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22 April 2017

Neutral Buoyancy and the Boundaries of Reality

Neutral Buoyancy and the Boundaries of Reality - the experience of consciousness

In a short essay titled “The Suspension of Belief”, I suggested that a buoyancy can occur between opposite forces, much like an object hovering between two magnetic fields. Such things are not hard to imagine, because science has placed superb examples before our very eyes. A well known example is that of a hot air ballon which, upon reaching neutral buoyancy hovers perfectly, neither ascending nor descending. There, it hovers, suspended between two worlds; in this case, the worlds of up and down.

In matters of consciousness, we can consider that the same holds true. In other words, with consciousness we envision a place of neutral buoyancy between that which can be seen and that which is unseen. Stray just a bit too far on this side, and all that we experience is the visible. Descend a bit too far in the other direction and all that can be seen actually cannot be seen. It remains unseen.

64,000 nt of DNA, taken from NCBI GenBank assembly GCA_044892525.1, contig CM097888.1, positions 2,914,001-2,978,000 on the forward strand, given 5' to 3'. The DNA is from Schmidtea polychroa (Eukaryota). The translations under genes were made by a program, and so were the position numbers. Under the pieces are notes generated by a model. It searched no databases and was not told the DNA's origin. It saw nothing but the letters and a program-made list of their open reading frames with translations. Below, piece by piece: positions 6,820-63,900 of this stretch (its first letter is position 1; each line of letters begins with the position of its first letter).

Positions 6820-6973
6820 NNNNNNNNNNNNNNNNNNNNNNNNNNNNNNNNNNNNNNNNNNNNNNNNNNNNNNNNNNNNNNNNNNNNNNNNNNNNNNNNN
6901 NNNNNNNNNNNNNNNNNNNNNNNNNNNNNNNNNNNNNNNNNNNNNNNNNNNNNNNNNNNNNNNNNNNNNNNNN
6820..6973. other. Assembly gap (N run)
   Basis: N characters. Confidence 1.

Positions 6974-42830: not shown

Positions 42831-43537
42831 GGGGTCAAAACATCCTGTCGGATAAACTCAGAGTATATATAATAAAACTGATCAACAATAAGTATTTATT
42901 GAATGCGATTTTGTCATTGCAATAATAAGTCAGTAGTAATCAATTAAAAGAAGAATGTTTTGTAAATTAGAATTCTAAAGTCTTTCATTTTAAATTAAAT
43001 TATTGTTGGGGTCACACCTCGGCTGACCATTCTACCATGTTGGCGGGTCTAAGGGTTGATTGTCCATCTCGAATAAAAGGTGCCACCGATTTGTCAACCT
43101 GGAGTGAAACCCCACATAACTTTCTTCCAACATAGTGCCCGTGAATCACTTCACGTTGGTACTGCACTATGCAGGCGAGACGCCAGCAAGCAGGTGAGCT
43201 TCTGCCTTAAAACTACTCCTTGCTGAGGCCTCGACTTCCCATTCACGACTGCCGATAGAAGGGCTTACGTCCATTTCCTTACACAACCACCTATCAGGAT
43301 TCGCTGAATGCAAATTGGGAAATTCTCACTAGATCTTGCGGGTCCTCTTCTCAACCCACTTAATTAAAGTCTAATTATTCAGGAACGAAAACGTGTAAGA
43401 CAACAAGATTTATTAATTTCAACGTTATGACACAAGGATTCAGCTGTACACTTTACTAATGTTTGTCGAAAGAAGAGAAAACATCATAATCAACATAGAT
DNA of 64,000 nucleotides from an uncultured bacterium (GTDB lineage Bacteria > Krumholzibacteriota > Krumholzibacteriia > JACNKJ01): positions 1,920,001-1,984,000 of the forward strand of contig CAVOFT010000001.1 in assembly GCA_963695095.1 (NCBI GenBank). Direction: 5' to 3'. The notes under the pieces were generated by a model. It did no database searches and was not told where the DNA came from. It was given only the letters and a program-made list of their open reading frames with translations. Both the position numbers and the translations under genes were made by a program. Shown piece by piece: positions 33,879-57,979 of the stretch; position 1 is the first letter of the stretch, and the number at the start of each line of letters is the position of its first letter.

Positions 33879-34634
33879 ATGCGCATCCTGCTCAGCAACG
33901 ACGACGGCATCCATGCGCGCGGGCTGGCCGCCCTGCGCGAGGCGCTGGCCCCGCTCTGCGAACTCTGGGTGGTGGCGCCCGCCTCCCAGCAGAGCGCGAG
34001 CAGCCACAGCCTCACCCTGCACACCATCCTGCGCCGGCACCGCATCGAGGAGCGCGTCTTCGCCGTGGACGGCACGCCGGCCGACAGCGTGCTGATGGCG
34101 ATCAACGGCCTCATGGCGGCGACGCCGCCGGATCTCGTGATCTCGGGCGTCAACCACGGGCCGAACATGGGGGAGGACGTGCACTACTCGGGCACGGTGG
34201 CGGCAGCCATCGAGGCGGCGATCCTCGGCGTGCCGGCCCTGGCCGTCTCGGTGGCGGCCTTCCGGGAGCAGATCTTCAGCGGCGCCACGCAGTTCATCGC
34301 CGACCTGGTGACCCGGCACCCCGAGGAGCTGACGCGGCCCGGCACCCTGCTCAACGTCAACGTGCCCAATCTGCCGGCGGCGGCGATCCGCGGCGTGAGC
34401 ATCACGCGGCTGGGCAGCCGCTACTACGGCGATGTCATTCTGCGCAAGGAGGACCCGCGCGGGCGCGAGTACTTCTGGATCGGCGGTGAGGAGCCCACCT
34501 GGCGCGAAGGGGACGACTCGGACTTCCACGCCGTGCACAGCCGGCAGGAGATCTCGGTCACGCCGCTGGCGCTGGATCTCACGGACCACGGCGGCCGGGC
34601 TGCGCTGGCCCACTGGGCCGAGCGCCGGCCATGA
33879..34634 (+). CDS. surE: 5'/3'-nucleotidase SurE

To overcome this blindness, we need to develop sufficient finesse — or neutral buoyancy — wherein we find ourselves perfectly balanced between the seen and the unseen. Tilt slightly in one direction and we are forcefully pulled back, awake inside our current reality. Tilt slightly in the opposite direction and we typically fall asleep or lose our bearings in a far different reality.

With neutral buoyancy, however, we can establish a perspective that allows us to travel along the thin thread between the seen and the unseen. Hovering in such a place, we use our senses to experience that of which has long been said, “You cannot see such things.” Or, “Such things lie beyond words.”